It is often difficult to determine the truth about how things evolved: creationists ask “were you there?”, and biologists are always accusing each other of making untestable “just-so story” explanations (at least, when they don’t like that particular explanation). Lawrence and Roth, however, believe that their model neatly explains several observations, while making testable predictions. For example, if the selective advantage of operons is in relation to horizontal transfer, we should expect them to have arisen for non-essential systems. All of the essential genes will already be present in every individual of every species, so little will be gained by transferring them. Additionally, the functions of the non-essential systems will, over time, be lost due to mutation (selection against them is, depending on the particular environment, “weak”), and once one of the genes is lost, all of the others will succumb, as their selective advantage depends upon all of the genes working together. This does not occur in essential systems — after all, any harmful mutation will be instantly lethal to that cell (selection against them is always “strong”). Thus, there may be an advantage to “renewing” the non-essential systems over time, but none for essential systems. This provides an alternative explanation for why we only see regulated genes in operons, as well as allowing us to make a prediction about the sort of systems we should see in operons: they will not be performing everyday tasks, but will be of only occasional use.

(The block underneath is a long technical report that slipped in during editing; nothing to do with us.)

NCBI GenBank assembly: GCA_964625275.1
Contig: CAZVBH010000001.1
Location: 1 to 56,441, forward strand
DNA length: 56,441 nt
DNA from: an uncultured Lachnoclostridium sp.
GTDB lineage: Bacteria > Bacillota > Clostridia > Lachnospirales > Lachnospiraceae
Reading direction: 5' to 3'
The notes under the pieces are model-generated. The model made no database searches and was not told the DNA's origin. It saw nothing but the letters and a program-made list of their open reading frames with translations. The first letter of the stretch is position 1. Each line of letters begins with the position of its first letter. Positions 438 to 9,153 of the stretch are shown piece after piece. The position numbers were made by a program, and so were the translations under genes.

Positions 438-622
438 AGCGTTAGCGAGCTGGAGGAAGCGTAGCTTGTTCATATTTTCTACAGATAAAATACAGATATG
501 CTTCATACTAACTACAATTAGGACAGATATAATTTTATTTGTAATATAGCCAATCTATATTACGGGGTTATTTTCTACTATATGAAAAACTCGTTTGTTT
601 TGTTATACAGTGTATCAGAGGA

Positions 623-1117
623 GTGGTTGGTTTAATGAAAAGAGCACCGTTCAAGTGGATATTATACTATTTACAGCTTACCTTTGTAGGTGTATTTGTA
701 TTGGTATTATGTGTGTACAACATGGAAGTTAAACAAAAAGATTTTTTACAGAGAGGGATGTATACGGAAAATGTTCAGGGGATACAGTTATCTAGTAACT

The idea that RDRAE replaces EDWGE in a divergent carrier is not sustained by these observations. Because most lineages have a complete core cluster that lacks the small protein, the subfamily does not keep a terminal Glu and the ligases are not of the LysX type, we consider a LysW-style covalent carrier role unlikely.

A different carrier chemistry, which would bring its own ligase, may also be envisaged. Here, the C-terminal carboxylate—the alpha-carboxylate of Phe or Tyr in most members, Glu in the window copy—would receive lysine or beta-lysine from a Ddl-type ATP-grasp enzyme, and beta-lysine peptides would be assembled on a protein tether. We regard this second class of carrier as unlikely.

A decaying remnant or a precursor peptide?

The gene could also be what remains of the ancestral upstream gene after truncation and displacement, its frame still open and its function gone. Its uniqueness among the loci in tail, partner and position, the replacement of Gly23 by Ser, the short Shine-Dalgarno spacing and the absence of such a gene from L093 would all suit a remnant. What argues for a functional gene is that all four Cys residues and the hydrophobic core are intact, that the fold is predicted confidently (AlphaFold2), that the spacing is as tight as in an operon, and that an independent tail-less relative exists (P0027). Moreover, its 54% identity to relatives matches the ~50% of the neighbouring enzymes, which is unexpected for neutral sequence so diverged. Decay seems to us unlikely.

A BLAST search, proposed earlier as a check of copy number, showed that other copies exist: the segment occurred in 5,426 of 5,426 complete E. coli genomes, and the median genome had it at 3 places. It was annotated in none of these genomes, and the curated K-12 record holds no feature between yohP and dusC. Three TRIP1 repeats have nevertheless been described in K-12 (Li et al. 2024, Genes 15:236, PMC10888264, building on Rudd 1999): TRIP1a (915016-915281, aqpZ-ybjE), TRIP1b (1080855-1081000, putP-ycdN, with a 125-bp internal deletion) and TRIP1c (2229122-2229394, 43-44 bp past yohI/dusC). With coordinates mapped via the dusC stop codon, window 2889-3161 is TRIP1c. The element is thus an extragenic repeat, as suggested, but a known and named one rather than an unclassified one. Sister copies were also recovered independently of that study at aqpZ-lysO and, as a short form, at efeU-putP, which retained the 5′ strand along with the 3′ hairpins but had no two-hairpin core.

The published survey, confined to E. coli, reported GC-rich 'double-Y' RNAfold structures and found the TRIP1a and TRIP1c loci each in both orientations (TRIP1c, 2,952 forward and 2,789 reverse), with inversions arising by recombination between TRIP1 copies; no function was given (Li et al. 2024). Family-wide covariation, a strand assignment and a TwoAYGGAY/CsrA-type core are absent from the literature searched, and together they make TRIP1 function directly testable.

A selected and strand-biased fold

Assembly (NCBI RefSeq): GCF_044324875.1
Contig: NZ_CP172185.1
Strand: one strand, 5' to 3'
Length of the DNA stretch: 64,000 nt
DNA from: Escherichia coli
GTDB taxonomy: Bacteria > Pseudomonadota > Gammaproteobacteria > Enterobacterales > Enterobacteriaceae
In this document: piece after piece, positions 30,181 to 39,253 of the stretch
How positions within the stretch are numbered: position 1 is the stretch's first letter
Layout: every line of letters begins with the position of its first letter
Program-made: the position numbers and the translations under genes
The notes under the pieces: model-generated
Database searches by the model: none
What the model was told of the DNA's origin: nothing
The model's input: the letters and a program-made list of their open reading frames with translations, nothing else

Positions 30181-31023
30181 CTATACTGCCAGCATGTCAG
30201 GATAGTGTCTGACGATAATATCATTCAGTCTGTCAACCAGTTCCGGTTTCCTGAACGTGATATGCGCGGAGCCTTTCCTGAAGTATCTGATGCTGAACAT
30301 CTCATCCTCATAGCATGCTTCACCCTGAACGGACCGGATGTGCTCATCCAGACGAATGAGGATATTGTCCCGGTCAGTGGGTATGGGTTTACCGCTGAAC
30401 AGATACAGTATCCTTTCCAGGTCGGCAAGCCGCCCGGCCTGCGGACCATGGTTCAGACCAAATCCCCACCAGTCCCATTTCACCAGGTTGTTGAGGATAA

This turns out to be largely true. The operons that we observe are for systems that deal with unusual situations. The first operon to be discovered was the “Lac” operon, which allows the carrier to thrive on the sugar lactose — something that a bacterium may not encounter very often. Other operons carry systems that covey resistance to anti-bacterial agents — e.g. by breaking down the antibiotic, pumping it out of the cell, or producing alternative versions of the systems that the antibiotic targets. This is part of the reason why antibiotic resistance spreads so fast, and why we are currently faced with the problem of hospital “superbugs”.

Lawrence and Roth describe operons as “selfish”. If there were no horizontal transfer, non-essential functions would very likely be lost over time, as they acquired mutations during those phases when the environment meant that they possessed no immediate selective advantage. However, by participating in horizontal transfer, selection events in those few individuals which do encounter an unusual environment — e.g. rich in lactose — can ensure that functional allelesout-compete mutants in the population as a whole. The genes in the operons depend on transfer for their long term survival, but the benefits for the individual cells participating may be small — they may never encounter the relevant environment. The individual cells are just vehicles for the selfish replicators.

There is much more to say on this topic, including some interesting pieces of evidence for and against, and the objections and caveats that have been raised. But those must wait for a future post. For now, I’ll leave you with this last thought. Operons illustrate once again an important fact in biology: from the point of view of both development and evolution, the data contained in genes is a lot more than just a sequence of nucleotides. Previously, I have mentioned that there is data in gene-product concentrations and chemical modifications to DNA; to these we can add data in the form of genome organisation.


  1. J.G. Lawrence and J.R. Roth, 1996. Selfish Operons: Horizontal Transfer May Drive the Evolution of Gene Clusters. Genetics 143(4): 1843–1860.